Sweets made by Chhana were not mentioned in the description of NiharRanjan Roy in his book “BanglaeerItihas” where he discussed about Bengalies’ sweet foods. Milk made sweets like curd, payesh, and latex are included in the book. It also included Sandesh but not of chana- Sandesh. Sandesh was very popular as sweet-food until the origination of Chhana. Sandesh was made with sugar, pea-flour, coconut and moog/mung pulses (one kind of pulse). He said that it was the custom of “KojagoriPurnima” to have the taste of parched rice and coconut made Sandesh with the kith and kin (Friends and relatives) and spend a sleepless night playing dice. Besides, one kind of wafer/sweet made from only sugar was also called Sandesh.

Sandesh

Modern sandesh and rosgolla are originated in the last of the eighteenth century which is made with the combination of sugar and chhana. The prominent litterateur Syed Mujtaba Ali wrote a short story named ‘Rosgolla’ by falling in love with color and flavor of rosogolla. It is known that the inventor of modern sandesh and rosgolla is the Confectioner of Hugli.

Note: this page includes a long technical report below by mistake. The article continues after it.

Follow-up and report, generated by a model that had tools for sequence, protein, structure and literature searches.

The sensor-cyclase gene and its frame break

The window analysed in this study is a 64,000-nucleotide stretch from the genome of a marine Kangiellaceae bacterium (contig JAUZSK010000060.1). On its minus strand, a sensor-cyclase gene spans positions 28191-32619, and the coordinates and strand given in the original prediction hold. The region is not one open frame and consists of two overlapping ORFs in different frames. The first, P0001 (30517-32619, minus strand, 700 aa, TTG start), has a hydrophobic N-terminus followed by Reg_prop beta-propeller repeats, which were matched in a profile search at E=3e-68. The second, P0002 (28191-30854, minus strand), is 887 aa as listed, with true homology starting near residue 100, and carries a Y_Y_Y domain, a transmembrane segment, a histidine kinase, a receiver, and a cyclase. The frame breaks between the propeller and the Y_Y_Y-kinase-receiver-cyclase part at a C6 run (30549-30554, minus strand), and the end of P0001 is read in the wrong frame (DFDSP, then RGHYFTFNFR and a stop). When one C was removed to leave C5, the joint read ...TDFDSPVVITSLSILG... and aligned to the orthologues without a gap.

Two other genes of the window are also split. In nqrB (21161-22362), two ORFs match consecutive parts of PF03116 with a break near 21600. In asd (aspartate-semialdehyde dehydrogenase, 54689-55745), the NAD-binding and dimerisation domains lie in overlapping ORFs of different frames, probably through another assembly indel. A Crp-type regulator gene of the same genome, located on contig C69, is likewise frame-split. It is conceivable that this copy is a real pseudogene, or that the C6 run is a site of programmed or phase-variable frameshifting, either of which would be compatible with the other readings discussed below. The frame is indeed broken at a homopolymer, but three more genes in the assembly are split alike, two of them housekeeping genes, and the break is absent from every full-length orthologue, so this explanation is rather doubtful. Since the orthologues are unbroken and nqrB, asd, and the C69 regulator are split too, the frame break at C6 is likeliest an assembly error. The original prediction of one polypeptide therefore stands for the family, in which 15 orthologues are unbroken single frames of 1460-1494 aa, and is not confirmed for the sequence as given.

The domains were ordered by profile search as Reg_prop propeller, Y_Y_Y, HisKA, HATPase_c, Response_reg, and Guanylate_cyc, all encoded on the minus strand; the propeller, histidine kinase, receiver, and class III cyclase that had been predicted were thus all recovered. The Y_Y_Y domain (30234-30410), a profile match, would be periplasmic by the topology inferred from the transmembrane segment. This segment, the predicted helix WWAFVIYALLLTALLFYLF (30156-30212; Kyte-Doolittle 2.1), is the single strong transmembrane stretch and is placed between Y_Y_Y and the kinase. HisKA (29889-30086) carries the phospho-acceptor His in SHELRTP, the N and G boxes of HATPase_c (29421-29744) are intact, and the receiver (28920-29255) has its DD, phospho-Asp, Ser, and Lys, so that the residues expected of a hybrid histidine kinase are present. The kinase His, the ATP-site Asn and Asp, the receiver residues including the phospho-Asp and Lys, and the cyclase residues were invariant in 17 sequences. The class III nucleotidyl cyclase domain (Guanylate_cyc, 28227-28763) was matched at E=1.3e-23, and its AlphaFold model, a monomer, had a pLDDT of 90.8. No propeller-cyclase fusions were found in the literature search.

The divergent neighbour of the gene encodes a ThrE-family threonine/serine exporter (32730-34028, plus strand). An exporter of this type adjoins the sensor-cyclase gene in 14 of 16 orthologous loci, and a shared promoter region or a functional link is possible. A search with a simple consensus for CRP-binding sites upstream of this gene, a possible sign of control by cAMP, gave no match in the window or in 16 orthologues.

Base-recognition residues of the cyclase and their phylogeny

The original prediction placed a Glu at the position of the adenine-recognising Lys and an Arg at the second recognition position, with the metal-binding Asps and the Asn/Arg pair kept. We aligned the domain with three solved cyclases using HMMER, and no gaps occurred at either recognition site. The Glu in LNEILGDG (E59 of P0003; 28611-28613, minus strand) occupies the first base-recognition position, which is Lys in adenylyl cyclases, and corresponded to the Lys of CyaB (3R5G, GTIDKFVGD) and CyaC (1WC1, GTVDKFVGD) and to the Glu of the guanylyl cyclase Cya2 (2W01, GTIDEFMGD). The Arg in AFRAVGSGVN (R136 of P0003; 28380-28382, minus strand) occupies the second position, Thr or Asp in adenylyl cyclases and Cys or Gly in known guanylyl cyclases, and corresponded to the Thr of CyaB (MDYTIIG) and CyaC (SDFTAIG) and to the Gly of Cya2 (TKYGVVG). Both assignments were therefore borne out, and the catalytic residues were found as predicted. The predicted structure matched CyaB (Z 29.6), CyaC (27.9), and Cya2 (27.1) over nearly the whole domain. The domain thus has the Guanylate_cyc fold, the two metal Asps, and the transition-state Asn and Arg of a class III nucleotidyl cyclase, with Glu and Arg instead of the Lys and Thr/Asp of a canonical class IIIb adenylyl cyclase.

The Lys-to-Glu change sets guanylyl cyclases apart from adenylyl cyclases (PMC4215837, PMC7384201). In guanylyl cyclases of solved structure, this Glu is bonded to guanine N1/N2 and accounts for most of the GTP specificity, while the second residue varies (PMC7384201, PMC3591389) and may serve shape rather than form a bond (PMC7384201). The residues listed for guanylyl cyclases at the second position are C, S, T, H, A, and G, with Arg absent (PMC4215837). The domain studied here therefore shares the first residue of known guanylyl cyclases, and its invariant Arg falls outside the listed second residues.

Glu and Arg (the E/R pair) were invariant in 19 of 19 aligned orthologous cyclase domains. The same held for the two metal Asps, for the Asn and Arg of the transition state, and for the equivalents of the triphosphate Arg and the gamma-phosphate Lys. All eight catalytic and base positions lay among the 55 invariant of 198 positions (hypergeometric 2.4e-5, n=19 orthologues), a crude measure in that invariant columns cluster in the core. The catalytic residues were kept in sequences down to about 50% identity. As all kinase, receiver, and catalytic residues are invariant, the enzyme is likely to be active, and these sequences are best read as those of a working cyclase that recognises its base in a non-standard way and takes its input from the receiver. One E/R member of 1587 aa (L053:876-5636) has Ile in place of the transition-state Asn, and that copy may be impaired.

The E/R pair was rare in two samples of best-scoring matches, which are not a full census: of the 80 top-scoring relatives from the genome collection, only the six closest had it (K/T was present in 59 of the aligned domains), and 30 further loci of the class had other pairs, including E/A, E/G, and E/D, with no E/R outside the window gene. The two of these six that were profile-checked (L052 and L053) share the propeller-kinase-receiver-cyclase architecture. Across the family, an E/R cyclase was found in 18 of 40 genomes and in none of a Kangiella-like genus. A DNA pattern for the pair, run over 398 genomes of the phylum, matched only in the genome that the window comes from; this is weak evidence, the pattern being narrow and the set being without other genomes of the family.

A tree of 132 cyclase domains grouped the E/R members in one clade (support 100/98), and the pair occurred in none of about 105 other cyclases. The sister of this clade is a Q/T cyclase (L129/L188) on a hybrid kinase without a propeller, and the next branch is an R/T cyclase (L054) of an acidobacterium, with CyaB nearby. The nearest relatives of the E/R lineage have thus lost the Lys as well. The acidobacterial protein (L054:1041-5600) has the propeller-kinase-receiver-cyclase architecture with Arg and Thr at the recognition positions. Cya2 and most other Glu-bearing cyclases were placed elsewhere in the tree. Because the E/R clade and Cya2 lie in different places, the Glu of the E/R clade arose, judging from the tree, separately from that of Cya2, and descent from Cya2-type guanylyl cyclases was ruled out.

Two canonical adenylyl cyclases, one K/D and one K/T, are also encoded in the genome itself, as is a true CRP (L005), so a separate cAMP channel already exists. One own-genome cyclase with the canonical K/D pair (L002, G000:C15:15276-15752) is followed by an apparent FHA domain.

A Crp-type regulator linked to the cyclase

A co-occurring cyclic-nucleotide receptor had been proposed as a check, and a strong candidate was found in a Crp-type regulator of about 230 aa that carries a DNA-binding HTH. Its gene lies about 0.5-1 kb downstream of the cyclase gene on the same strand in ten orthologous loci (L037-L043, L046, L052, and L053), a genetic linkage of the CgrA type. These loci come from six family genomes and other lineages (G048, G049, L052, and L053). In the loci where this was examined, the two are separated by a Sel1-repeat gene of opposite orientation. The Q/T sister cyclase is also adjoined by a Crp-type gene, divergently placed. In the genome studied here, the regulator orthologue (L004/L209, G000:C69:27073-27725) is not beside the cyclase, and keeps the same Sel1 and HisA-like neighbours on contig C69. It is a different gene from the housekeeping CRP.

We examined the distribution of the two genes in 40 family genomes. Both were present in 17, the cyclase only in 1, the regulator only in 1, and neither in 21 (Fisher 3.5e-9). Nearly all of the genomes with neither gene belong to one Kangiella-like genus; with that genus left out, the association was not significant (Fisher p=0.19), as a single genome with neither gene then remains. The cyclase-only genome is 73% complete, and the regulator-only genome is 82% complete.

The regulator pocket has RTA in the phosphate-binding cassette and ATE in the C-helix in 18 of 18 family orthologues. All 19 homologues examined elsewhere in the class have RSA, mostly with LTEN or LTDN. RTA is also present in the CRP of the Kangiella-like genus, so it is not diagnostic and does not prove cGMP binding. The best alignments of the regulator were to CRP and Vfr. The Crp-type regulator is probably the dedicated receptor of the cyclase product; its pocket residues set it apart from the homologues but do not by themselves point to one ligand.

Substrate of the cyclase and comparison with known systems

Sandesh
Sandesh

Later they came to Kolkata and made rosgollaworld-famous after scrutinizing it. In the beginning, Chana’s sandesh was called ‘FikeSandesh’ because this sandesh was less sweet than the previous one. Many people were reluctant to have the taste of Chana Sandesh as it was not scriptural.

Rosogolla

We, Bengalis know rosogolla as an ancient sweet made with chhana. The humorist Bangladeshis has named the chanagolla (Dried chhana in a shape dipped in sugar syrup) as “rosgolla”. The previous name of rosgolla was GopalGolla.

Rosogolla
Rosogolla

Later on, sweets got different names including ledikeni, chomchom,panitoa, kalojam, amriti, rosmolai, etc. for its various colors, sizes, and taste. The latest experimental edition of rosgolla is sponge rosgolla which is very popular in both Bangladesh and West Bengal.

Ledikeni

Rounded red-color ledikeni sweet looks like rosgolla was made as to the honor of the wife of the first governors-general of India Lord Canning. At that time people named all the sweet as Ledikeni.